The Yanomami Indians

494 Words2 Pages
The Yanomami is a tribe of indigenous peoples that inhabit land between the Mavaca and Orinoco rivers, near the border of Venezuela and Brazil. The Yanomami’s environment is located within the tropical moist broad-leaf forest that is the Amazon Jungle. Their territory encompasses 200-300 villages accommodating a total population of about 26 000 to 35 000 people and making the largest relatively isolated tribe in South America. First sustained contact with the Yanomami and other cultures occurred in the 1940s when the Brazilian government sent teams to fix the limits of the Venezuelan border. Soon thereafter, in the 1950s religious missionaries situated themselves in the Yanomami’s territory and due to the introduction of many new people resulted…show more content…
From there they then journeyed down to South America where they found an area in the amazon rainforest to situate themselves permanently. The Yanomami have a lifestyle that focuses largely on a sense of community. Shabonos are the main type of housing found in a Yanomami village, these houses are large, circular and communal allowing them to house up to 400 people. The circular style of these houses allow for a central area approximately 90 metres in diameter where community activities such as rituals, feasts, games as wells as gatherings by family hearths can occur. Something that remains very interesting about the Yanomami tribe, is their shared sense of equality among their people. Unlike many other tribe cultures the Yanomami do not recognize one particular member as their “Chief”, instead there is a tuxawa (headman) for each particular village that acts as a leader. Being skilled warriors and unconditional peacekeepers is what earns the tuxawa their position in the community. Even in though each village recognizes a leader, all decisions are made by consensus usually after long debates in which everyone can participate. When it comes to daily life and the acquirement of necessities, task are separated by gender; men are the hunters while women are the gatherers. Meat is a commodity that is greatly valued by everyone in the Yanomami tribe. One unique custom in the Yanomami culture is that no hunter ever eats the meat that he himself has killed, but shares it out amongst family and other community members. In return, he will be given meat by another hunter in the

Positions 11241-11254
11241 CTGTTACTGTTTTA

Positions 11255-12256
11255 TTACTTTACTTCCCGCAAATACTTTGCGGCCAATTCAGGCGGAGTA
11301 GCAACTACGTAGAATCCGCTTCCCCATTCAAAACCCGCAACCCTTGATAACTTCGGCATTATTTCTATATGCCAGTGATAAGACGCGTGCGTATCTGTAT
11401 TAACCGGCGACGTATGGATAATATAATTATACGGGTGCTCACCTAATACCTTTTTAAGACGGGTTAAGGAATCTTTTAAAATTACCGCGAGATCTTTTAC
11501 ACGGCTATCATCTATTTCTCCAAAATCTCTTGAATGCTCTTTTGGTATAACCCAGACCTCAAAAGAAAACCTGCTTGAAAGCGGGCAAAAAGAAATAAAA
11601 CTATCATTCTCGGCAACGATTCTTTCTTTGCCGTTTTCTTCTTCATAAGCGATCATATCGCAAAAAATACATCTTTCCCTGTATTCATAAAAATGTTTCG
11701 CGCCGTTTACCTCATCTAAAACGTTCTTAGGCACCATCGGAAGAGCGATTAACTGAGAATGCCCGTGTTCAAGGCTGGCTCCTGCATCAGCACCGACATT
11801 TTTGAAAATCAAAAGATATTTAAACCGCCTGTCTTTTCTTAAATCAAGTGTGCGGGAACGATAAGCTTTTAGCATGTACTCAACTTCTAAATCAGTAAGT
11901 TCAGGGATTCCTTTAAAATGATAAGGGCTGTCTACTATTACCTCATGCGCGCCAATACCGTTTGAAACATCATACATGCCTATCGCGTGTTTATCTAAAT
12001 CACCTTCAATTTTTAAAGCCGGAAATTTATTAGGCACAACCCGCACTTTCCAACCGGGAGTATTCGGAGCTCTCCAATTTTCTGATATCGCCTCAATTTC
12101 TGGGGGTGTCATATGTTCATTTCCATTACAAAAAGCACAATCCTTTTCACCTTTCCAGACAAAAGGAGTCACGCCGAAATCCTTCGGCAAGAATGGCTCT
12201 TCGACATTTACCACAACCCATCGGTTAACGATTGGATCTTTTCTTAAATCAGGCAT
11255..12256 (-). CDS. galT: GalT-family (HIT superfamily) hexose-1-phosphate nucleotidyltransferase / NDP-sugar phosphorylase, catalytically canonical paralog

More about The Yanomami Indians

Open Document